The US settled the case after Teodorin forfeited nearly $30 million in assets. After years of negotiations, the DOJ transferred $19.3 million to the United Nations, to pay for 1.2 million Moderna Covid-19 vaccine doses for Ecuatoguineana through COVAX, a global vaccine procurement mechanism. This is more than enough to cover eligible residents in the country of around 1.2 million who have yet to be vaccinated.
That the sale of a beach house can fund a country-wide vaccine drive highlights both the costs of corruption and the power of international investigations to repair some of the harm. It is especially important to Equatoguineans braving the pandemic with little government support while they await the return of the rest of roughly US$237 million worth of assets recovered from corruption cases involving Teodorin.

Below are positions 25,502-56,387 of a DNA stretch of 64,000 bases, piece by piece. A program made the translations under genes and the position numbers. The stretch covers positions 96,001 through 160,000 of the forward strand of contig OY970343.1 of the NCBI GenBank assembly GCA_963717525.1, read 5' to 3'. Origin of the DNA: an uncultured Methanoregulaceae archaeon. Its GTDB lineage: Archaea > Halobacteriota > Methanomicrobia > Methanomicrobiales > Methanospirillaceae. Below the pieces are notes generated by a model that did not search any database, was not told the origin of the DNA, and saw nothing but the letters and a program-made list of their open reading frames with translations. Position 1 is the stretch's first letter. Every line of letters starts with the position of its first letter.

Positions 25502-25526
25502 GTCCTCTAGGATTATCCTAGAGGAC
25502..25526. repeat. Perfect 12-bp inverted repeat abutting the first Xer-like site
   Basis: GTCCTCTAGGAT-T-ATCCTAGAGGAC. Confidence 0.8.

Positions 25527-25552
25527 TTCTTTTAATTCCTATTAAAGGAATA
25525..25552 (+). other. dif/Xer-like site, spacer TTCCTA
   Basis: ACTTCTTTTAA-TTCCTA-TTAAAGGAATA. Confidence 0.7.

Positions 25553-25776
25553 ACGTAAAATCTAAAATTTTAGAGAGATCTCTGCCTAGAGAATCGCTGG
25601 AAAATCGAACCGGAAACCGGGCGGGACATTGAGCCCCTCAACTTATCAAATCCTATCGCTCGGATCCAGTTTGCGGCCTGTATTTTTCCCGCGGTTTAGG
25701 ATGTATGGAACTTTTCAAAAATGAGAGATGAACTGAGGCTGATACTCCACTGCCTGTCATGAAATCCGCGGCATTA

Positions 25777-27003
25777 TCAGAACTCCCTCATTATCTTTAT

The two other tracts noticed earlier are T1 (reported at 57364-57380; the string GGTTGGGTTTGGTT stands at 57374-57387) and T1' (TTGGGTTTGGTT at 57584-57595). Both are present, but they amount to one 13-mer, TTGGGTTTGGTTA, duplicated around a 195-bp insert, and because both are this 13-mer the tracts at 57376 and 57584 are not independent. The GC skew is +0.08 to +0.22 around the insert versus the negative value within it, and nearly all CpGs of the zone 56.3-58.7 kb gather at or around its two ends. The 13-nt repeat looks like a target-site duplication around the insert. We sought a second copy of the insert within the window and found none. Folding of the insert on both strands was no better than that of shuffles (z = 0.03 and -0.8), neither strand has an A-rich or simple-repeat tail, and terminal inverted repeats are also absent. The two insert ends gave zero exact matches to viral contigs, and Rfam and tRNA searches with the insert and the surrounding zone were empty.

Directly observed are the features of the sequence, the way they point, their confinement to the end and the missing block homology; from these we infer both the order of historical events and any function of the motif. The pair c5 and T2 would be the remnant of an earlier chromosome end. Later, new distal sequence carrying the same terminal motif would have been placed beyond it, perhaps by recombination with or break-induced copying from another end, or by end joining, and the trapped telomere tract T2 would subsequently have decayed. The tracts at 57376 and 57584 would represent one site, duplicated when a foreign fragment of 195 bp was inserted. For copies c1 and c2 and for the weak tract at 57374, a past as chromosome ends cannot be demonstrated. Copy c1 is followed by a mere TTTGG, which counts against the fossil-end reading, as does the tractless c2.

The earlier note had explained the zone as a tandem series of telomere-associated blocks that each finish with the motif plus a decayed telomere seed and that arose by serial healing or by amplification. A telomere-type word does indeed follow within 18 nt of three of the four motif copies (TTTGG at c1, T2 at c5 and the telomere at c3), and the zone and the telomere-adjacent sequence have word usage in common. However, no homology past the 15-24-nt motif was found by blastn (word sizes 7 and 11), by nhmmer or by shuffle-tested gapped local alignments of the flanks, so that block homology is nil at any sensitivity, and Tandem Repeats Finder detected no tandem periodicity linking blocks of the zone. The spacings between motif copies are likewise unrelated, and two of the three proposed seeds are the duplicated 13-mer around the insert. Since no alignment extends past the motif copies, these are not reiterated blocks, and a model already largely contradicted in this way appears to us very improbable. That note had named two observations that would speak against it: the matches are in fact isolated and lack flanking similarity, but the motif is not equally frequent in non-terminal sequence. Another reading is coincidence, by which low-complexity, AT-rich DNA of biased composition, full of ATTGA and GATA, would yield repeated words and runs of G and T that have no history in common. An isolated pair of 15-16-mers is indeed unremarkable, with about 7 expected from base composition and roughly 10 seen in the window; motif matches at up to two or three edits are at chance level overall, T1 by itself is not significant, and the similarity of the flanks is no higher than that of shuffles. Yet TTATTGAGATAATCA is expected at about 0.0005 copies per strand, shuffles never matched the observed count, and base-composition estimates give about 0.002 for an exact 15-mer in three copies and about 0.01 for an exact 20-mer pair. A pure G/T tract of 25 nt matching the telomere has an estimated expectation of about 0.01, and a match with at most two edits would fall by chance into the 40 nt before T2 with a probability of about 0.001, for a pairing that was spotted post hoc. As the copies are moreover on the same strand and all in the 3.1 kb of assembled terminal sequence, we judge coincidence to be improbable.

The US will still have $10.3 million to return to Equatorial Guinea. Switzerland is also sitting on $27 million after it sold 25 luxury cars seized from Teodorin. And France needs to give back a whopping $177 million after its courts convicted Teodorin of corruption and seized his Paris mansion and other assets.
Ecuatoguineana will be closely watching to see if the vaccination drive lives up to the promise that looted funds will be returned to the people for their benefit. The US and UN now need to deliver, and other governments should follow suit.
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